Historically, there have been two major drawbacks to deploying firewalls as a secure mechanism inside a data center. The first is the impact a physical hardware appliance has on application performance once another network hop gets introduced. The second is the complexity associated with managing the firewall rules.

    NV technologies make it possible to employ virtual firewalls that can be attached to specific applications and segregate them based on risk. This is the concept of building a secure DMZ in the data center. The end result is that the virtual firewall is not only capable of examining every packet associated with a specific application, but keeping track of what specific firewall rules are associated with a particular application becomes much simpler.

Games for GNU/Linux

Filed under
Gaming

Parsix GNU/Linux 8.10 "Erik" Users Receive the Latest Debian Security Updates

Filed under
GNU
Linux
Security

Today, August 29, 2016, the maintainers of the Parsix GNU/Linux distribution announced the availability of multiple security updates, along with a new kernel version for the Parsix GNU/Linux 8.10 "Erik" release.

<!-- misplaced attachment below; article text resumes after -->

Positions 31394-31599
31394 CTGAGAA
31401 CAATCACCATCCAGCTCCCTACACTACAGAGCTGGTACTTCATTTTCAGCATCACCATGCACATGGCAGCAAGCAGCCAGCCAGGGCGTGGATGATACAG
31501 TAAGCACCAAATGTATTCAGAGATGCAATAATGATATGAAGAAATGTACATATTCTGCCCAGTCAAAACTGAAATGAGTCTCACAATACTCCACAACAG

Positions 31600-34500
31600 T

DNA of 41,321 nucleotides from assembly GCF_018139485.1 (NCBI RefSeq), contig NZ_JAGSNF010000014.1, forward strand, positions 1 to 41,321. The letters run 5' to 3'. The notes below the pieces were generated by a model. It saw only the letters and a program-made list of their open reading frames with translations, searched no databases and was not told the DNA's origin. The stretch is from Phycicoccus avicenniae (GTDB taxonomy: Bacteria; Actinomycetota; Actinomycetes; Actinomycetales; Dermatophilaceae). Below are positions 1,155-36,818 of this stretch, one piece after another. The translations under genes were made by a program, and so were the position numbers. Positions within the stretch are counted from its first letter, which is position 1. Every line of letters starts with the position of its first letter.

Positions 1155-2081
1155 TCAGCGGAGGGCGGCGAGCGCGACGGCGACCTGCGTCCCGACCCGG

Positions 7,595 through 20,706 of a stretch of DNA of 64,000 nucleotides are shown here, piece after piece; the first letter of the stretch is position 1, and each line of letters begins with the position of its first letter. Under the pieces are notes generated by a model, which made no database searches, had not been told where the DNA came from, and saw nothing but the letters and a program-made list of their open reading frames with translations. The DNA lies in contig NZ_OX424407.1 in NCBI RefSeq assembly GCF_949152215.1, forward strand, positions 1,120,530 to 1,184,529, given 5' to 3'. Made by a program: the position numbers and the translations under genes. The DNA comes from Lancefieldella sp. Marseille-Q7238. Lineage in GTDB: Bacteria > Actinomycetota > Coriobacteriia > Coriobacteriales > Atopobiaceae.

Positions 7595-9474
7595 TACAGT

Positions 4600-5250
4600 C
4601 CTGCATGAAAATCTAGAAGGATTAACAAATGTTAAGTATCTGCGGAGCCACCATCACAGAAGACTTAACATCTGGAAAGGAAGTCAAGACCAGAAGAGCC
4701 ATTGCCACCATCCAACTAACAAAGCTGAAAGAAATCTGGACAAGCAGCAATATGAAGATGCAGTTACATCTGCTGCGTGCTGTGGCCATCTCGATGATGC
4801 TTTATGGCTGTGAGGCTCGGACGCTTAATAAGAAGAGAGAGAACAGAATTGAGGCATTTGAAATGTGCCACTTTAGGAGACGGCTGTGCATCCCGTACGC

Read more

Ubuntu 14.04 LTS and 12.04 LTS Users Get New Kernel Updates with Security Fixes

Filed under
Security
Ubuntu

Immediately after informing us about the availability of a new kernel update for the Ubuntu 16.04 LTS (Xenial Xerus) operating system, Canonical published more security advisories about updated kernel versions for Ubuntu 14.04 LTS and Ubuntu 12.04 LTS.

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Remembering Vernon Adams

Filed under
Obits

Open-source font developer Vernon Adams has passed away in California at the age of 49. [Vernon Adams] In 2014, Adams was injured in an automobile collision, sustaining serious trauma from which he never fully recovered. Perhaps best known within the Linux community as the creator of KDE's user-interface font Oxygen, Adams created a total of 51 font families published through Google Fonts, all under open licenses. He was also active in a number of related free-software projects, including FontForge, Metapolator, and the Open Font Library. In 2012, he co-authored the user's guide for FontForge as part of Google's Summer of Code Documentation Camp, which we reported on at that time.

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Fedora 24 review: The year’s best Linux distro is puzzlingly hard to recommend